Shoppers Uneasy About Cookie Use To Drive Emails And Other Messaging: Study

Consumers are most wiling to share product feedback with brands, and much less likely to provide information on how they research purchases, according to a global study titled Is Your Marketing Strategy Out Of Touch, by Econsultancy, commissioned by Cheetah Digital.

In the U.S., 55% will supply product feedback, while 42% will provide info on products they may buy in the store; 42% on data on past purchases; 37% on demographics; 29% on how they research products they buy, and 25% on details on where, how and why they make purchase -- and 11% will share none of these types of data.

Spain is first among nations in its acceptance of cookies to deliver personalized offers in email, in-app or on websites. 

The U. S. is second, with 35% saying they approve of the practice. However, 42% in the U.S. say it may be acceptable for brands to use cookies, and 16% say it is not.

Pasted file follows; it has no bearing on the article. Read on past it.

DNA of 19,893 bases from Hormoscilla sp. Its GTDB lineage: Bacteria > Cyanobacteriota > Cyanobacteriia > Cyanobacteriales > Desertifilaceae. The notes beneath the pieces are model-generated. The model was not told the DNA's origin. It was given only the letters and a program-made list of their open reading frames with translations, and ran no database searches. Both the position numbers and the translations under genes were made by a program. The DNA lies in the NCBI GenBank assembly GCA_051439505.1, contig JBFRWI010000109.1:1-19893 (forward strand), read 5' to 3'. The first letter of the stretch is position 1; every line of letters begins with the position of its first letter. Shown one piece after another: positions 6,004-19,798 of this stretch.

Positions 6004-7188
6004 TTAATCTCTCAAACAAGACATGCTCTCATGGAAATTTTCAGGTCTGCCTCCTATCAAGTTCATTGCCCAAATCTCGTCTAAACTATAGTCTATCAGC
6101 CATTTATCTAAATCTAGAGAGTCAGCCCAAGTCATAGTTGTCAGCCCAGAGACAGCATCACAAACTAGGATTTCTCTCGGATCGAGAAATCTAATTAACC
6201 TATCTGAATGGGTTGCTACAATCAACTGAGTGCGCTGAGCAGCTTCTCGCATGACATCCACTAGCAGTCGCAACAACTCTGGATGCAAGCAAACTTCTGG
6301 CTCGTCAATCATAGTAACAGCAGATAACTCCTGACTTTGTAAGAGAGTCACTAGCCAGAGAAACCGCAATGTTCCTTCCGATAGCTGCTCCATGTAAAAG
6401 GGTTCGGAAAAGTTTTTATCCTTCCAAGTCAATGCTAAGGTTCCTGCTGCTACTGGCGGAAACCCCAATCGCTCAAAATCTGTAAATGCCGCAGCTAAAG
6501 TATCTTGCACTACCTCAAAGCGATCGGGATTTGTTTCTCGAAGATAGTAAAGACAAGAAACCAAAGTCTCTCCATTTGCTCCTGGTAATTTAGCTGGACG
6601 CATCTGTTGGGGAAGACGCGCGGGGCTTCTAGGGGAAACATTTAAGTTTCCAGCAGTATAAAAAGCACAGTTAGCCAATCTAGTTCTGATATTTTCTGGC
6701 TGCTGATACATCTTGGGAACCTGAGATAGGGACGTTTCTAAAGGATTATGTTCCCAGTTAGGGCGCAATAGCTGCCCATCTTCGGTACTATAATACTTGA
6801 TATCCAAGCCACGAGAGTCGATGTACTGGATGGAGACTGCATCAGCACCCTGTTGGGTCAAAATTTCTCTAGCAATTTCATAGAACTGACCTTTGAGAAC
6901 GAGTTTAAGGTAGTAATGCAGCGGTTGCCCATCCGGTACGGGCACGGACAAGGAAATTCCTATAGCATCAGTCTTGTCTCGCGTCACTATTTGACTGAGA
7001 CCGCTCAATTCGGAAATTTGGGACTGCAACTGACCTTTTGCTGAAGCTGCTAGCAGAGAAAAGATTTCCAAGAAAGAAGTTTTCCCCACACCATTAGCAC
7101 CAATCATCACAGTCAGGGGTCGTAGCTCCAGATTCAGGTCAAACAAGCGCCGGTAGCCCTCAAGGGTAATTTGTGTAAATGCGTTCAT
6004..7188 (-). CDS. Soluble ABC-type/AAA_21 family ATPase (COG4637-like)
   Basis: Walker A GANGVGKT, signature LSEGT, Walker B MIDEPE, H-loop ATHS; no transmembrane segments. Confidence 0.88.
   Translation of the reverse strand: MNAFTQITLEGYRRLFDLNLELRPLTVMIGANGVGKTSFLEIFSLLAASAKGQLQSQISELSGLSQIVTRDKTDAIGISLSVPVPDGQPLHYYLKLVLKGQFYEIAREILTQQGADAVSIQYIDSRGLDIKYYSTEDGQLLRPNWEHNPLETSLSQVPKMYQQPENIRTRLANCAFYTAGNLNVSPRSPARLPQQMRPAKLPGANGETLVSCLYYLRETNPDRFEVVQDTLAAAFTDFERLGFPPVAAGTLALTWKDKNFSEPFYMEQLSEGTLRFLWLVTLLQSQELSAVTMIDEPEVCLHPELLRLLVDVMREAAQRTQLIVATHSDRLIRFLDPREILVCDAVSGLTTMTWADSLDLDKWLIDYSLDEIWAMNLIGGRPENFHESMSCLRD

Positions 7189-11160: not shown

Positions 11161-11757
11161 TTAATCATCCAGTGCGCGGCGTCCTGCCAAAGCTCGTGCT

France is first in non-acceptance, at 19%. And 14% in the UK dislike the practice. But 33% in both countries find it acceptable.



As for privacy overall, gaming and gambling outfits are distrusted by 41% in the U.S., followed by technology providers (37%) and government agencies (35%). 

Despite these issues, email beats banner advertising, social media native apps and organic posts by up to 180%, the study says.

And 77% of U.S. consumers have purchased a product directly because of an email they received.

France is the leader in liking email — 52% prefer it over in-app, direct mail and social media messaging. And France is in a three-way tie for first in purchasing via email. The country ranking is as follows:

UK — 74%

France — 74%

Australia — 74%

U.S. — 73% 

Spain — 61% 

Japan — 55% 

Of U.S. shoppers, 41% look for value then deciding where to spend money. In addition, 24% want products and services that fit their lifestyle, 17% seek responsible handling of their data and 14% desire faster, easier shopping experiences.

Meanwhile, in a separate finding, only 13% of brands say their marketing campaigns are going ahead as planned, but 66% have observed “new ways of working we might use post-outbreak,” the study says.

Econsultancy surveyed 4,921 consumers in six countries.


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